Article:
Be ready to give an orientation for all the new hires on their first day. Take them around to meet the staff, show them the break room, and be polite and optimistic. After all, starting out on the right foot means you’re more likely to stay that way in the future. At some point, you should review all the paperwork, including the Employee Handbook, which outlines company policies and guidelines (we’ll discuss your handbook later in this guide).
Depending on the sort of work they’re doing, it’s a good idea to get your employee to sign a Non-Disclosure Agreement (NDA) if they’re dealing with sensitive information. An NDA is a legal contract between you (the company) and the employee that specifies that confidential information cannot be shared with outside parties. Have an innovative idea that’ll disrupt your industry? Don’t worry; an NDA will protect allow you to get some legal recourse should an employee (or ex-employee) spill your company secrets.
After you answer any questions your hire might have, make sure you get their signature on their handbook (after they’ve read it of course) and their NDA.This is a smart time to distribute any other important information you might have for them, like tax forms or health care packets.
All this signed paperwork should go into a personnel file. These can be paper files or online files, or, better yet, both. Just make sure you (and only you) can access them whenever you need to.
As your company continues to expand and hire more employees, it’ll be necessary to keep organized and save these files in a safe place available only to your HR team. Records are important to keep not only for future reference but for legal purposes. All the paperwork should be gathered into a personnel file except for their I-9 tax form. It’s recommended to keep all I-9s in a separate master file.
Below you’ll find most everything you should keep in an employee personnel file:
Resume, job position, description: This paperwork should clearly define the responsibilities and duties of the employee. Also, it is a good idea to keep their resume for future reference.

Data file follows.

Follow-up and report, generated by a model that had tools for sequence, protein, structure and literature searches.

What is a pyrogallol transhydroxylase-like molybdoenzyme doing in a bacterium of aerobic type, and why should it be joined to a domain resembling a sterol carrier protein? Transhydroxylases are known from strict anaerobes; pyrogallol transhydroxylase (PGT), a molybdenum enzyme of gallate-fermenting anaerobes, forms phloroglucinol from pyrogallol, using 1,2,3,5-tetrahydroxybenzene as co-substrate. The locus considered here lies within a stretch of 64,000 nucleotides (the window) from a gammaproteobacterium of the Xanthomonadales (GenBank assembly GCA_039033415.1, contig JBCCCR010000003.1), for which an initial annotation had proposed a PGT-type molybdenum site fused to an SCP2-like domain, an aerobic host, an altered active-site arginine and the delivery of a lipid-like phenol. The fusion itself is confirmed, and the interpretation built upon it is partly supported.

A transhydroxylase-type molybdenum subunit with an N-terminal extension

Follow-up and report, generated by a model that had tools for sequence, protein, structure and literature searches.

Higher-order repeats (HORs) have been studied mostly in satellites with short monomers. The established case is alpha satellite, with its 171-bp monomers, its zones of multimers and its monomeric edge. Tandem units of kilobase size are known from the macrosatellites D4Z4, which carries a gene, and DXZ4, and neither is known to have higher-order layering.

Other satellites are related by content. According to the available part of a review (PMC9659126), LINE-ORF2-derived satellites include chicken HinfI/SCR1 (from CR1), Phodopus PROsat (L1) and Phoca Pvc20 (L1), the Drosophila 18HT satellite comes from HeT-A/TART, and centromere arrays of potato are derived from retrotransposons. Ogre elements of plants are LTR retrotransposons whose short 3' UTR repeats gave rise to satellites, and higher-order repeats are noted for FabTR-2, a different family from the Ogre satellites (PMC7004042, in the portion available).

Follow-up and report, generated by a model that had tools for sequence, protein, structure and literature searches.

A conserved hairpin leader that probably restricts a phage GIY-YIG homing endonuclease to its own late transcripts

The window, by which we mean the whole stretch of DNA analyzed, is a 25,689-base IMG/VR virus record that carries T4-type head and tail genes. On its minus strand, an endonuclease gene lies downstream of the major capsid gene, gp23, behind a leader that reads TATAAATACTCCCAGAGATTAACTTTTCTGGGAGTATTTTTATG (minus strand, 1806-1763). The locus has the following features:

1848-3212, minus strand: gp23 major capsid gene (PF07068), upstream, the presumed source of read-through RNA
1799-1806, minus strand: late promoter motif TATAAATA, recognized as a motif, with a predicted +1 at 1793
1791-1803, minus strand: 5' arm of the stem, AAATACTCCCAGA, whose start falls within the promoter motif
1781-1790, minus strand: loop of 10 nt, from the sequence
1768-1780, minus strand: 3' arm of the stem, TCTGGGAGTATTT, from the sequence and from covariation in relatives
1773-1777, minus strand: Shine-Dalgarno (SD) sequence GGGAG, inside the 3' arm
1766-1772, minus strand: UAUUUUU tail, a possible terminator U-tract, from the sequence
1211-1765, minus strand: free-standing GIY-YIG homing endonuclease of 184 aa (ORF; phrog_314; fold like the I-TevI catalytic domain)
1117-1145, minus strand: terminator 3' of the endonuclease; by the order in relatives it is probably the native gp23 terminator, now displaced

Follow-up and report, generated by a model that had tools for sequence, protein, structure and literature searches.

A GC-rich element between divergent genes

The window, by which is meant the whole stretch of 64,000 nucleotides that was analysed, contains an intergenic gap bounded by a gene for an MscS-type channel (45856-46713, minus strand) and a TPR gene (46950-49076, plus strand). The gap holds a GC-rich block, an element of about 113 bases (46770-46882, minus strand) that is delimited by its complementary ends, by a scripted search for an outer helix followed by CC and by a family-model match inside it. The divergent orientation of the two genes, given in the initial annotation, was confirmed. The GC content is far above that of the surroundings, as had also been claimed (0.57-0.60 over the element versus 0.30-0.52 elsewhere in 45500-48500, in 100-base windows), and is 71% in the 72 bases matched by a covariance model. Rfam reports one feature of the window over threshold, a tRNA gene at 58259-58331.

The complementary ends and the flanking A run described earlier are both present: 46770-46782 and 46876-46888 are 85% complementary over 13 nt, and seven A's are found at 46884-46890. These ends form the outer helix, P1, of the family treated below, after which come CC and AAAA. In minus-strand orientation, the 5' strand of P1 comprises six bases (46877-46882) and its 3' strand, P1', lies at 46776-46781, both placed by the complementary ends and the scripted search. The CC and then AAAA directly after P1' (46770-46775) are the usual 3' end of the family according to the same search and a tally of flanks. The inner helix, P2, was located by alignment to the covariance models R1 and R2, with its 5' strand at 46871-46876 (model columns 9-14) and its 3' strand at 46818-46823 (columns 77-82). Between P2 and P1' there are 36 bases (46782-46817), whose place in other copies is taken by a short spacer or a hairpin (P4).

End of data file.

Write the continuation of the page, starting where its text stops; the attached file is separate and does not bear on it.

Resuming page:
Emergency contact: In case of an emergency, each employee should provide an emergency contact.
Direct Deposit Form: If you offer direct deposit and your employee elects to participate, keep all relevant paperwork, which usually includes their bank account information and signed authorization.
Non-Disclosure Agreement (NDA): An NDA is a legal contract between you (the company) and the employee that specifies that confidential information cannot be shared with outside parties. If you had your employee sign one, keep it with their file.
Signed Employment Agreement: An Employment Agreement lays out the terms and conditions of the job offer and employment relationship.
IRS form W-4 (withholding allowance certificate): This form is used to determine the amount of tax withholding to deduct from employees’ wages.
New Hire Reporting: Employers must notify the state of new hires. The rules vary in each state, so make sure you talk to an attorney about what you need to do.
Employee Invention Agreement: If you’re developing products, designs, or other intellectual property, have everyone sign an Employee Invention Agreement. It should state that the employer owns any relevant inventions developed during the employee’s time with the company. Or, it could state that the employee owns what he or she invents. It just depends on what you want here.
Ongoing documents: Performance evaluations and documentation related to salary increases and promotions
I-9 Tax Form: This document verifies whether an employee can legally work in the United States. Be sure to make copies of the legal credentials your employee provides to verify eligibility (i.e. passports, green cards, birth certificates, etc.)